By Julia Pearl | Contributor
With a research foundation, a month dedicated to awareness and 1.25 million Americans living with it, diabetes is a widespread disease that affects a large group of people, including college students.
For National Diabetes Month, students shared their experiences living with Type 1 diabetes and the difficulties most confront stemming from others’ misconceptions and lack of knowledge about the disease. This presents a number of additional challenges to college students, and in some cases, college athletes.
In support of Lauren Cox, a Baylor women’s basketball player with Type 1, Baylor hosted their fourth annual Type 1 Diabetes Awareness Game on Wednesday, Oct. 30. In and out of their respective sports, diabetic athletes face a variety of challenges.
Kaylee Culpepper, a sophomore softball player at Schreiner University in Kerville, had to navigate conflict with her roommate as a result of fluctuations in blood glucose, also known as diabetic highs and lows.
“She didn’t understand what exactly [diabetes] entailed,” Culpepper said. “Waking up in the middle of the night and stuff like that caused a lot of issues between us.”
Culpepper had to wake up several times during the night to ensure her blood glucose stayed within a safe range. Treating glucose highs and lows requires close monitoring of blood sugar levels and either carbohydrates to bring glucose levels up or more insulin to lower it.
Insulin is used to convert the carbohydrates in food into energy. Because a diabetic’s body cannot regulate the amount of sugar in the blood, glucose levels drop and rise depending on diet, stress, hormones and the amount of insulin used.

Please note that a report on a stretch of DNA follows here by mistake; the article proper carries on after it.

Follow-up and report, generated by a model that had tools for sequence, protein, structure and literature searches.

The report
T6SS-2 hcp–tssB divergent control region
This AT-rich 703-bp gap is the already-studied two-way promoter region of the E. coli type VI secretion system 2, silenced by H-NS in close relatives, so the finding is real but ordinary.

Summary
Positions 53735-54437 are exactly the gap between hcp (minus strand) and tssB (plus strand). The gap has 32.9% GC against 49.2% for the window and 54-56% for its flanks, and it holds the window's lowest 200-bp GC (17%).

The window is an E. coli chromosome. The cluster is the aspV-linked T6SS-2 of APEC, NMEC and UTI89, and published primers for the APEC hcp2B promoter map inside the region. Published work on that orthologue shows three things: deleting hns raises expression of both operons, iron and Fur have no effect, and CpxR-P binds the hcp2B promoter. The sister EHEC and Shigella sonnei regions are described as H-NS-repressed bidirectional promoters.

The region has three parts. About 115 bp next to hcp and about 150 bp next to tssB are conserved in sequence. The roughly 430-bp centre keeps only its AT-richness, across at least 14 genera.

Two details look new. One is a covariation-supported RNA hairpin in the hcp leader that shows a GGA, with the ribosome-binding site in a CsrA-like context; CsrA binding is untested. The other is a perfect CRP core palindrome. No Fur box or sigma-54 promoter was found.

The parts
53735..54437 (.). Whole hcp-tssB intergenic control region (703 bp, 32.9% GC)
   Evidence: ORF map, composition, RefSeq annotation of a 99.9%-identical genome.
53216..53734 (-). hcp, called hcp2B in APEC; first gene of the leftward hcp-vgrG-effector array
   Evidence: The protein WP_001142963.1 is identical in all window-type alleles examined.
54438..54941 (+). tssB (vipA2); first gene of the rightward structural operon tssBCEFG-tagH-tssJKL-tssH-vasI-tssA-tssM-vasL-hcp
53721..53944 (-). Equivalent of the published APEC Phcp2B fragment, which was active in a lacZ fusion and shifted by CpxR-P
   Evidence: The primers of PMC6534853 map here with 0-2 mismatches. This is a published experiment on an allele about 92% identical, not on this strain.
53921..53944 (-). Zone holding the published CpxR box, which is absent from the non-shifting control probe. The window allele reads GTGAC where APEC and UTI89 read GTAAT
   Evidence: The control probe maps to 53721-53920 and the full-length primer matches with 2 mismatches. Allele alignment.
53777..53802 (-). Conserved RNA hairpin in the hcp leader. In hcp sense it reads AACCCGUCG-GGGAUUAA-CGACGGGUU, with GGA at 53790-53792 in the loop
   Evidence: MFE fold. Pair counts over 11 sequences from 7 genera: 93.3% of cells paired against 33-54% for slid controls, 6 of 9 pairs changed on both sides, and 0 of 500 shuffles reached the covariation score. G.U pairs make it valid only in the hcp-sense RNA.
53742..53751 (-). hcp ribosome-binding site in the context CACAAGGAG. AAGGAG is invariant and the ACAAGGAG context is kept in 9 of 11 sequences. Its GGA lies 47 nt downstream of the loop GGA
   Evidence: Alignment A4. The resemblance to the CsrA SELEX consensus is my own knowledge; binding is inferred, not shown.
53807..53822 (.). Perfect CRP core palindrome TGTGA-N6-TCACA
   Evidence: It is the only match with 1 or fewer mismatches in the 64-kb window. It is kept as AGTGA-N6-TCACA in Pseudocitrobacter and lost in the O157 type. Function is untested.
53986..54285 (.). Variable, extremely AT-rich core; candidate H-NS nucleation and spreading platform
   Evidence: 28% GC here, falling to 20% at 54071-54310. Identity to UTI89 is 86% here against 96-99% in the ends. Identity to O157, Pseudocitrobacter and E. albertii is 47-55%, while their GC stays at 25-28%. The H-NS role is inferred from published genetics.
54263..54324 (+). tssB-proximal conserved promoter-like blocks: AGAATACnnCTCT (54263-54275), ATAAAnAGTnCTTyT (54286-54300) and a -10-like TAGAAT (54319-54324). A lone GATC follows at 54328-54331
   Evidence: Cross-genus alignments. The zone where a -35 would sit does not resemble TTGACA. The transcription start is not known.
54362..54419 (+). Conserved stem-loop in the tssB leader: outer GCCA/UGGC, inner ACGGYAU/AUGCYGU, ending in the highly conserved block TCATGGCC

Frisco freshman Josh Esparza said his lows cause him to lose sleep, something he said is a frustrating obstacle when his time is already constrained by the demands of college.
“I think the worst is waking up in the middle of the night because your blood sugar is low,” Esparza said. “At that point, I can’t go to sleep because if I sleep, I might die.”
Esparza was 2 years old when his immune system began to attack the insulin-producing cells in his pancreas, causing his Type 1 diabetes. For young people diagnosed with the disease, responsibility for managing diabetes often initially falls on the child’s guardians.
Marcy Johnson, Esparza’s mother and a former legislative chair for JDRF, said she found her purpose as a result of her son’s disease.
“It was an incredibly difficult thing that happened to us, but it also became my reason for living,” Johnson said. “It gave me, as a parent, a voice, a platform and a way to inform others.”
For diabetics, Johnson said the transition to college comes with an added layer of responsibility, as they can no longer rely on their family or support system in the same way. She said she admires Type 1 diabetics for their resilience.
“They have to deal with something that people can’t see,” Johnson said. “They handle going to class, having to study or take an exam some days when they’re not feeling great. They still get up, and they still perform.”
Blood glucose levels impact each diabetic a bit differently, but most diabetics experience difficulty concentrating when their glucose number is too high. Conversely, when their number drops dangerously low, diabetics risk losing consciousness.
Kingwood freshman Claudia Shirley said she personally finds lows to be worse than highs.
“I’ll get really shaky and disoriented, and I can’t really focus on anything I’m doing,” Shirley said. “The lows are more debilitating.”
Despite all the challenges diabetes presents, Johnson said she raised her son to understand he was not limited by diabetes.
“We’re not victims to anything,” Johnson said. “These are the cards that we’ve been dealt. You use that as an opportunity to spring forward and to educate and empower others.”